2015 Indian Scout: Expert Review
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The pros: Super comfortable, powerful engine, silky smooth ride.
The cons: Absence of fuel gauge and gear indicator.
The crux: Gorgeous, powerful, comfortable cruiser, if you love riding and price is not an issue , then this beautiful machine is for you.
The Indian Scout quite simply carried “the best motorcycle ever made by Indian” moniker for ages rivalling its own big brother, the Chief. With its birth back in 1919, Polaris gave the designers a clean sheet of paper and asked them to go absolutely free hand with no boundaries.
The result is brand new classic motorcycle that laughs, not aggressively, in the face of competition suggesting it is not grounded anymore. The hairy chest backdoor barnstormer is back to bring romance and passion through a motorcyclists saddle. A lazy V-Twin singing on an open road for miles and miles is the perfect definition for a cruiser, which the Indian Scout is about to change.
It is very safe to state that this motorcycle could very well be the nicest looking motorcycle by Indian yet. The dimensions are so perfect that you would never ask for anything else on it. The designers had to keep two crucial parameters in mind while designing it.
First was to keep the brand’s heritage intact, and second is to create a product that sells. This blend of the old and new in accurate proportions has given birth to a retro-futuristic design that will be loved by everybody, age no bound. The original designer, Charles B. Franklin, would be thoroughly pleased with the new effort.
The most important element of the design is the new liquid cooled engine, first and very much needed on any Indian motorcycle, doing away with cooling fins and replaced by smooth metal cut ribs on the block. The engine alone exudes that this is a modern bike with a modern 21st century engineered engine. The front is dominated by a fat 130mm tyre with 15 spoke alloy.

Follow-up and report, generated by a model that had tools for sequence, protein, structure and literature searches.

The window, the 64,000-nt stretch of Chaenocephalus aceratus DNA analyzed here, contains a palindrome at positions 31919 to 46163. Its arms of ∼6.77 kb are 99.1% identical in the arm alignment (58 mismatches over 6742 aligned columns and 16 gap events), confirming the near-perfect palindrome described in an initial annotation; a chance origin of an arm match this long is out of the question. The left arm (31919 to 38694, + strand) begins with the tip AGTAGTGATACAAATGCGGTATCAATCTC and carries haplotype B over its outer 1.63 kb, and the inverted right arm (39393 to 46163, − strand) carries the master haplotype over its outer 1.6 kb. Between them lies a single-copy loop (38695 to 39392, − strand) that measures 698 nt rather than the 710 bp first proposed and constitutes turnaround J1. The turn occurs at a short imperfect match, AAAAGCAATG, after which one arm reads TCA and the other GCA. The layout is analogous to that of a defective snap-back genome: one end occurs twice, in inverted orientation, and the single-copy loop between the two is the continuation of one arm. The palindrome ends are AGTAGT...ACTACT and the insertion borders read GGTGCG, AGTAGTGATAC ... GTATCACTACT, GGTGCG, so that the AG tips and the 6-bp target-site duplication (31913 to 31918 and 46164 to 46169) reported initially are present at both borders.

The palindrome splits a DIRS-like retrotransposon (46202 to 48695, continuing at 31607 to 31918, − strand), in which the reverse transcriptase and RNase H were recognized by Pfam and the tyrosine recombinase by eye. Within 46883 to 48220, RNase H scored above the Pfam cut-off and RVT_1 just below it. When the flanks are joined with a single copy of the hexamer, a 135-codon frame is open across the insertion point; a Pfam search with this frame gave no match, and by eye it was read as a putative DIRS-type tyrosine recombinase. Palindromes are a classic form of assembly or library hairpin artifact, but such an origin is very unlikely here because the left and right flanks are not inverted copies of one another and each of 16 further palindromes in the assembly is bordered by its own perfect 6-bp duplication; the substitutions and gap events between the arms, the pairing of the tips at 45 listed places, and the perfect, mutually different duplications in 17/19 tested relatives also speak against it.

The correct amount of chrome on the engine and exhaust system is pleasing indeed and matches the appeal. Another catchy design feature is the dual rear shock absorbers with 3 inch travel mounted at a shallow angle. The solo seat is gorgeous sitting low and stitched in the best leather around. Overall, no other motorcycle in its class can trump the attention to detail on the new Indian Scout.
Settling in the saddle is easy as the seats are low and you sit upright holding the bars at the most comfortable angle. Usually sitting on a cruiser makes you curve your back, but not on the Scout. The seat is just about 2 feet off the ground making it super comfortable for riders of any height and size to land their feet on the ground. Sitting ‘on the saddle’, than ‘in the saddle’, all the controls are forward biased.
You place your feet on the forward placed foot pegs and hold the handle bars set at a comfortable position, enabling you to rake hundreds of miles. The switchgear has sturdy plastics and the controls are easy to reach. The low beam of the headlight stays on with the ignition allowing other motorists to notice you in their rear view mirror.